Generally speaking, the Oakland A's are a very good baseball team—one of the best teams in baseball during the 2014 regular season. But if they want to legitimately compete for a World Series title, there are a few things they must shore up.
Don't mistake that statement as doubt.
We're more than one-third of the way through the season already, and the A's have the best record in the American League. Statistically, they're top-five in categories such as starting ERA, runs scored, home runs and RBI, to name a few.
However, just look at the fact that the Colorado Rockies are also in the top five of many of those categories too. Yet, they're in third place in the NL West and own a losing record. The point is: Leading in the regular season doesn't mean too much come the playoffs.
Oakland must be well-balanced in that it has no glaring weakness. Easier said than done, sure.
Here are a few things to consider when the trade deadline approaches that will help with key weaknesses.
1. What to do at 2nd Base?
If you've been paying attention, you've probably heard this and are tired of it already. But it's being said often because it's the biggest hole in the lineup.
Against right-handers, Nick Punto is hitting .255. Alberto Callaspo hits .250, and Eric Sogard hits .213. Against southpaws, though, Punto's average is .254. Callaspo and Sogard hit .159 and .111, respectively.
The A's should do one of two things. They either need to make Punto the full-time second baseman or need to platoon him more often and trade for a player who hits against lefties better.
Even if they make Punto the full-time guy, they still need to upgrade his backup. Callaspo does an OK job against the righties, but no one behind Punto can hit lefties at all.
2. Do They Need 1 More Safety Net for the Starting Rotation?
It's been nice seeing Scott Kazmir thrive, Tommy Milone rebound and Jesse Chavez fill in nicely due to injuries. But with Jarrod Parker and A.J. Griffin done for the year, Jeff Francis not as effective as one had hoped and Dan Straily down in Triple-A, backup options are growing more slim.
What happens if there's one more injury? What happens if Drew Pomeranz—or anyone else for that matter—begins to slip? There's no one left really. Well, Josh Lindblom maybe. But is he a guy who can help carry Oakland deep into the postseason?
It would be smart to add one more insurance option.
That option should be a quality starter, too, one who can easily pitch third, fourth or fifth in the rotation. It shouldn't be a seventh-option type of guy. The A's have those already.
3. What is the Solution for Jim Johnson?
Every time the relief pitcher warms up, he gets booed. You won't find too many players who really want to go out and give their best for a fanbase who doesn't like them. So if the fans don't care for him and assuming he doesn't want to be here, then it's best for everyone involved to trade him.
Manager Bob Melvin tried removing him from closing duties. Melvin has called on Johnson in a variety of situations. And each time, the results are mostly hit (for opposing batters) and not too much miss (unless we're talking Johnson's location).
Yes, the A's will have to eat a chunk of salary.
But this is a sunken cost. They're paying him no matter what, so the optimal strategy is the one that hurts the team less. If another team calls about Johnson, the answer should be a resounding "Yes!"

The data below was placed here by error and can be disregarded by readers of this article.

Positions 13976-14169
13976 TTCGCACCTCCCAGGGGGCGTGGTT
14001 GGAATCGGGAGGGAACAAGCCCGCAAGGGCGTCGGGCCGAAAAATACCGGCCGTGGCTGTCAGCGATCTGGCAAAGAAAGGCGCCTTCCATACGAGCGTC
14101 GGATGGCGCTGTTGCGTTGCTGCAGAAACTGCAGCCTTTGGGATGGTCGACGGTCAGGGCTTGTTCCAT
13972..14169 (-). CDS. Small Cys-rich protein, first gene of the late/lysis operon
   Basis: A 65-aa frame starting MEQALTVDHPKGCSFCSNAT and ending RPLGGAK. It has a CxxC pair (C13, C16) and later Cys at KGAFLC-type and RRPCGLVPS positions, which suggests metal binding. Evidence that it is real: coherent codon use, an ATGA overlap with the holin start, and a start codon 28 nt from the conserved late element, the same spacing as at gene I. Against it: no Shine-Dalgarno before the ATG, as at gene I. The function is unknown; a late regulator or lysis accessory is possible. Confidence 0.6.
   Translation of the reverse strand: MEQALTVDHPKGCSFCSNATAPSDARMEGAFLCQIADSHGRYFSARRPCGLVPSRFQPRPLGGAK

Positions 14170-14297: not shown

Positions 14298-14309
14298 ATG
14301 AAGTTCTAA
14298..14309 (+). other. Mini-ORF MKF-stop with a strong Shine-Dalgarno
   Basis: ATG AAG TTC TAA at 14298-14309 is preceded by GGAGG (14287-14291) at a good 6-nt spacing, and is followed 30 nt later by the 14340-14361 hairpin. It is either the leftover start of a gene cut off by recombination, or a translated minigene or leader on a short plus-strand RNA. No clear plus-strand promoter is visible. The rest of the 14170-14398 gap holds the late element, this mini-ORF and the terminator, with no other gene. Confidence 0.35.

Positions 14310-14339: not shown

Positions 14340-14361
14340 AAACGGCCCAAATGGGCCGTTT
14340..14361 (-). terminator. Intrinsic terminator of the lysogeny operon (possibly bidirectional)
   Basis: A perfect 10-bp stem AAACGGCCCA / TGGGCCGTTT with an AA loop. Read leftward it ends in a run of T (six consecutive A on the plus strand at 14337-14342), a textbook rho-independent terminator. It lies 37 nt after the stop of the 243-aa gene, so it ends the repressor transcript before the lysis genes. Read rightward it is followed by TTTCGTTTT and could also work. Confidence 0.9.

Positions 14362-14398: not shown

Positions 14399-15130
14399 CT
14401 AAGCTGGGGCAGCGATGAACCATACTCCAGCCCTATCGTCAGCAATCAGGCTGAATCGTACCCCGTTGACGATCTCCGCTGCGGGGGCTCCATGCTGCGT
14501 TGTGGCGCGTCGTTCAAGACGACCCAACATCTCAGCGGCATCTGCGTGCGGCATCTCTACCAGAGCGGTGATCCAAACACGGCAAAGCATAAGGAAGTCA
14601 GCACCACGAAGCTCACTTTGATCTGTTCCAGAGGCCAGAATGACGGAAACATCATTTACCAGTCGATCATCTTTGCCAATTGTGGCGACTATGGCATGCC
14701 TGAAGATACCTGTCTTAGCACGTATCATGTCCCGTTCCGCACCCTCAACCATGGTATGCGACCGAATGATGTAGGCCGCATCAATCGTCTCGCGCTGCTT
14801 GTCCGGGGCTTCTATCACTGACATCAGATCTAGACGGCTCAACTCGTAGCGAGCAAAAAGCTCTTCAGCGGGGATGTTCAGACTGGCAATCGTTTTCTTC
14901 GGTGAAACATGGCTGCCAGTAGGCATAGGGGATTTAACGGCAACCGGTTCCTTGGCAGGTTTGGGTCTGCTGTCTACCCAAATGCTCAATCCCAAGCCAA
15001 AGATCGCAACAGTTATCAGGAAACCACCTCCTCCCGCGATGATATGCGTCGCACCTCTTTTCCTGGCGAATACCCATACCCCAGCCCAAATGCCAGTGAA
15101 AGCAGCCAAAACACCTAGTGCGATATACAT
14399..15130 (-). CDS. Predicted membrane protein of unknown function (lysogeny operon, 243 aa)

4. To Keep 3 Catchers or Not?
The A's are in a good spot trade-chip-wise because they have three catchers. Conceivably, a contender who needs catching can make a one-for-one swap with Oakland to satisfy both teams' needs.
But in this writer's opinion, Oakland should keep all three.
Derek Norris serves as the mostly full-time catcher. Stephen Vogt is predominantly the backup. John Jaso can DH. If all three are hitting, it shouldn't be out of the question to find all three time. Of all the A's players with 145 at-bats or more, Norris and Jaso have the best and fifth-best batting averages, respectively. Vogt is hitting .323 in 10 games.
In the last two postseasons, the A's have had a tough time against Detroit Tigers pitching. So it seems wise to keep this offense stacked in preparation for top-tier pitching once again.
If the A's decide to trade a catcher, Jaso would net a bigger return, but in the eyes of the trade partner, it's more likely its looking for a cheaper—but still effective—backup, and that would be Vogt.
5. Should They Go 'All In" and Trade Addison Russell?
Fear not. This is not a rumor. This isn't even speculation that has come from anywhere. It's simply a pre-emptive plea to Oakland A's management that no matter how tempting it may be to go all-in this year, not to fall for it and give up Addison Russell.
It's happened too often.
A team gives up its No. 1 prospect for one month of a superstar. Then that superstar walks in the offseason for much more money.
The San Francisco Giants experienced this with Zach Wheeler and Carlos Beltran. The Atlanta Braves got the last half of 2007 and the first half of 2008 out of Mark Teixeira, but they had to give up Jarrod Saltalamacchia, Elvis Andrus, Matt Harrison and Neftali Feliz to do so. Oh, and don't forget, the A's lost Huston Street and Carlos Gonzalez in an exchange for 93 games out of Matt Holliday.
It's not an issue now, at least not one that anyone is talking about. But if it comes up, the answer should be an easy "No! No! No!"
All statistics courtesy of MLB.com and are current as of June 16, 2014, at 8:30 p.m. PT.
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